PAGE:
I Still Believe

You know, I would love to join this discussion in some useful way, particularly since the other designated contributors are all—each in his own way—heroes of mine and, at the least, a group I would love to go to dinner with.

However, starting with Jaron’s essay, and proceeding serenely from that point, we have failed to address directly the topic at hand. This was, unless I’m mistaken: Is the Internet a liberating technological force? Did the “utopian” promise of Cyberspace—as blared by Wired and other cyberoptimists like Nicholas Negroponte and myself back in those foolish ‘90′s—become realized in any useful way or have the “weary giants of flesh and steel” asserted their authority over this new social space without much inconvenience?

Or, to restate the original questions as stated by Cato:

After a solid decade of intense commercial development, much go-go nineties prophesying now seems a triumph of Utopian hope over hard reality. Does hope of Internet liberation yet remain? Or has the bright promise of the Internet been dimmed by corporate influence and government regulation? Are ideas like virtual citizenship beyond the nation-state, untraceable electronic currency, and the consciousness expanding powers of radical interconnectivity defunct? Is there untapped revolutionary power waiting to be unleashed?

I gave a shot at taking up these matters, but my fellows have mysteriously decided to ignore them, except by tangential reference, and quibble instead about the relative virtues of capitalism, whether UNIX and its command-line interface are stultifying to the creation of online community, whether the concept of the “file” is inhibiting, who said what wise thing first and in what way, whether or not manned space travel is a good idea, and various other pronouncements that seem, at best, orthogonal to the questions at issue.

Gentlemen, you disappoint me.

I guess that part of growing up, which I’m still trying to do at an advanced age, is accepting the reality that one’s heros are human, but it strikes me that you fellows are being astonishingly self-indulgent. Coming from me, this is quite a charge, since, as a self-confessed narcissist, I don’t even defend myself when people say I think it’s all about me.

I guess we’ve run out of time, but to the extent we haven’t, might I encourage you to address one question? I want to know whether you think that the Internet is a liberating phenomenon. I still do.

Also from this issue

Lead Essay

  • In our techno-Utopian dreams, the advance of the internet is “a little like a cross between Adam Smith and Albert Einstein; the Invisible Hand accelerating toward the speed of light,” says tech visionary Jaron Lanier in this month’s big-thinking lead essay. Yet, according to Lanier, we chug along saddled by the illusion that the Internet is mainly a technological rather than a cultural phenomenon. Software, Lanier argues, is “brittle” and can continue to function only when backed by what he calls “Antigoras”– “privately owned digital meeting arenas made rich by unpaid or marginally paid labor … tweaking the global system of digital devices so that the bits in the various pieces of software remain functional and meaningful.” Antigoras are indispensable, but “if software stays brittle,” Lanier says, “there will be a huge dampening effect on any hyper-speed takeoff plans of the digital elite.” Takeoff velocity requires a reorientation that acknowledges that the “the Net is precisely the generosity and warmth of humanity connecting with itself.”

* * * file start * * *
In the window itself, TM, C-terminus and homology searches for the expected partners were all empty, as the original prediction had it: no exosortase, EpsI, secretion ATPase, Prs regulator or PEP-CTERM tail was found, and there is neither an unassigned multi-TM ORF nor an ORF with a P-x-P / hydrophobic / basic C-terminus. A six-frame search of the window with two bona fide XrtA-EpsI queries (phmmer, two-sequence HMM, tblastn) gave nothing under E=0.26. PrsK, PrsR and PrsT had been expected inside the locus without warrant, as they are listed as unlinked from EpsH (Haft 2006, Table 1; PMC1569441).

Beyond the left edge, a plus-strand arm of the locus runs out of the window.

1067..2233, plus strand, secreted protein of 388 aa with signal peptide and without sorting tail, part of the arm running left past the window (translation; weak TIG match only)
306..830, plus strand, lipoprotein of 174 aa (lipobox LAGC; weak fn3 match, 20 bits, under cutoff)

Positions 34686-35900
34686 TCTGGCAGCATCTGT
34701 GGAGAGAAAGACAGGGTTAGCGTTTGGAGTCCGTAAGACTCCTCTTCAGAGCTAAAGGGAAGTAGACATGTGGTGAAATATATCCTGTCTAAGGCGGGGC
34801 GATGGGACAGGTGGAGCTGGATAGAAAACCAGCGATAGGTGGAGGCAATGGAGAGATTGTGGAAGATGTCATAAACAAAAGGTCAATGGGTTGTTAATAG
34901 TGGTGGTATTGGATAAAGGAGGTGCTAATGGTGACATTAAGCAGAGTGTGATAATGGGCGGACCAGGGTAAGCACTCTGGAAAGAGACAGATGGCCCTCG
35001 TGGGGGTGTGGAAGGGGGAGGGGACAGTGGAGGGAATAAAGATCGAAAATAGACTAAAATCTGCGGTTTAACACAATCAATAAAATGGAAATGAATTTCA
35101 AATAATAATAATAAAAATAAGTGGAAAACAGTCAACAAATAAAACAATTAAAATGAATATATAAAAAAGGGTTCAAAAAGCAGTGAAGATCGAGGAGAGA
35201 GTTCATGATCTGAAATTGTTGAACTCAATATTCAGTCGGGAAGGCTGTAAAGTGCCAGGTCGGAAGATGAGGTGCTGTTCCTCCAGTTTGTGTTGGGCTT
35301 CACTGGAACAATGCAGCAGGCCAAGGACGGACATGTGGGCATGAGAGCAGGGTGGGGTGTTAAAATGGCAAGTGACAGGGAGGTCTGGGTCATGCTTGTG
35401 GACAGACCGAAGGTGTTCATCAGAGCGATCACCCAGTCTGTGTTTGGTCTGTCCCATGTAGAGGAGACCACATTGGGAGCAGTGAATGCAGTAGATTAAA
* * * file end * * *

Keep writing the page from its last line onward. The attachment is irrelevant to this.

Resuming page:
Response Essays

  • Open source software guru Eric S. Raymond takes issue with Lanier’s characterization of “lock-in,” his antipathy to the command line, and his discussion of ambiguity. Raymond claims that if Lanier’s point was just that the Internet is “a conduit of expression between people,” then he would stop in agreement. But, he writes, “the actual point seems to be to maintain an opposition between capitalism and (gift) culture that I think is … mistaken.”

  • Glenn Reynolds — taking pieces from both Lanier and Raymond — argues that small proprietary zones within the big open Internet — “semigoras” in Lanier’s terms — might prove “very fertile places for innovation and growth on the Internet” with the potential to empower individuals and small groups to “achieve the worker’s paradise” through technology and markets.

  • Ten years after his “A Declaration of the Independence of Cyberspace,” John Perry Barlow insists that “the Internet continues to be an anti-sovereign social space, endowing billions with capacities for free expression that would have been unthinkable a generation ago.” A liberating future is still ahead, Barlow argues, but we must be on guard against a deep fact of both biology and markets: “New success inspires creativity. Old success tries to kill it.”